That said, a deep current of shame and misinformation still runs through our understanding of sexual intimacy. The porn industry, which promotes sex as grinding, monotonous, and relentless, does a roaring trade; it’s worth some $14bn in America alone. The potential harm this does to women is obvious, but it’s just as damaging to men. Alongside lads’ mags and bland, macho entertainment programming, it exploits men’s sexual anxieties and offers a violent, degrading vision of intimacy. I know of at least one young lad who, during his first sexual experience with a woman, was horrified to discover that he had not been expected to pull out and ejaculate on his partner’s face. He had understood from watching pornography that the experience was what all women wanted.
In 1993, the feminist writer John Stollenberg observed that “at no time in history have so many humans felt such a gaping discrepancy between the gender system that is given us and the selves we long to be.” Almost two decades later, this still seems to be the case. Which is why, the rest of his argument aside, Pollard is indeed right that we need to look again at the economic basis of harmful sex roles.
Take housework, for example: Pollard might be cheerful that a century of feminism hasn’t persuaded men to get on their knees and scrub the loo when it needs doing. But the fact that cleaning, cooking and childcare are still unpaid, mostly female tasks means that men are unable to participate fully in domestic life, women are exhausted and overworked, and everyone gets paid less. In a speech for International Women’s Day, feminist author Nina Power explained that “women’s entry into the workforce has corresponded with the depressing of men’s wages—thus the couple must both work all the time, even if there are children to look after. The idea of a job for life, or of state provided childcare, has now been so enervated it seems absurd to think that it was ever the norm.” In short, both women and men are increasingly alienated from family life, and are working longer hours for less combined pay than they would be had feminism managed to tackle the roots of women’s economic exploitation.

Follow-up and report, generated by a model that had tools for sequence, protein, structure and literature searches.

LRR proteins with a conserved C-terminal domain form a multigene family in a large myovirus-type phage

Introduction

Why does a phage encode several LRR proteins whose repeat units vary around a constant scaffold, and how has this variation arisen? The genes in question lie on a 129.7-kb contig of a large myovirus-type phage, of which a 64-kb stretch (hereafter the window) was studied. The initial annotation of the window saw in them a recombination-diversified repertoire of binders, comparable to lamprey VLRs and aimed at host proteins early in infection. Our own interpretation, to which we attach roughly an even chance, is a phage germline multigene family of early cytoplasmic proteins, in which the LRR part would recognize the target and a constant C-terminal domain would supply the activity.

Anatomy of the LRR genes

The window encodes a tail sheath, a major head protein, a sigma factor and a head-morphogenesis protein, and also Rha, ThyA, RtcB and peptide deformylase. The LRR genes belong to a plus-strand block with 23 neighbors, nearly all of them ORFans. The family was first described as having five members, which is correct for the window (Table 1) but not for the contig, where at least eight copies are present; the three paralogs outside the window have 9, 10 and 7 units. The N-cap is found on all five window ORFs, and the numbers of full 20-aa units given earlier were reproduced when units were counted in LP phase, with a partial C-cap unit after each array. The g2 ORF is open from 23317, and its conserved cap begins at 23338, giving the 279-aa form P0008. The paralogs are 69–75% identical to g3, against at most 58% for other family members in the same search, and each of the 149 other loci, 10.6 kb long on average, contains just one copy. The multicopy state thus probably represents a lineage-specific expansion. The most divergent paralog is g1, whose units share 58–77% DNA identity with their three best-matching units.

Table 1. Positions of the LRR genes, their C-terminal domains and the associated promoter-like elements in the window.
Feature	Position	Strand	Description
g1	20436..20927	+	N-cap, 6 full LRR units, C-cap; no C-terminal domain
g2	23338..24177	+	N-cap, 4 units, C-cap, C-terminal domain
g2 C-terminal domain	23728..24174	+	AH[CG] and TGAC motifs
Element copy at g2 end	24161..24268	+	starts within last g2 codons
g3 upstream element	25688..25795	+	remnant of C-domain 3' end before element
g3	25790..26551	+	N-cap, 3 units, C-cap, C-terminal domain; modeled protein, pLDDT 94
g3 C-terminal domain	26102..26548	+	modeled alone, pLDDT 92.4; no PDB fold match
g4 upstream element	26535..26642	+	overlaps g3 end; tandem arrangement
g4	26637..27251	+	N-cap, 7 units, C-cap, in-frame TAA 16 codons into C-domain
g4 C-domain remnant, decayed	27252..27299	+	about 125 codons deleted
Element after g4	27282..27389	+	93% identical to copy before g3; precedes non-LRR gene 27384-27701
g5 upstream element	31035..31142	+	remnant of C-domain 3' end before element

It’s true that too many feminists point the finger at “men” in general—as if “men” were no more than a homogenous mass of beer-swilling, crotch-scratching sexists. Books like Natasha Walter’s Living Dolls read rather like long lists of unanswerable complaints, punctuated by moralising tales about prostitution. If feminism is to remain useful, a more coherent and courageous approach is needed. Only through a radical reorganisation of men and women’s economic participation at home, at work, in life and in love will we begin to address the damage that regressive gender roles continue to inflict on both sexes. If feminism has failed in its objectives, it has failed men too. If it is not to fail again, it must achieve them in collaboration with men—not in spite of them.
See Jim Pollard’s reponse to this article here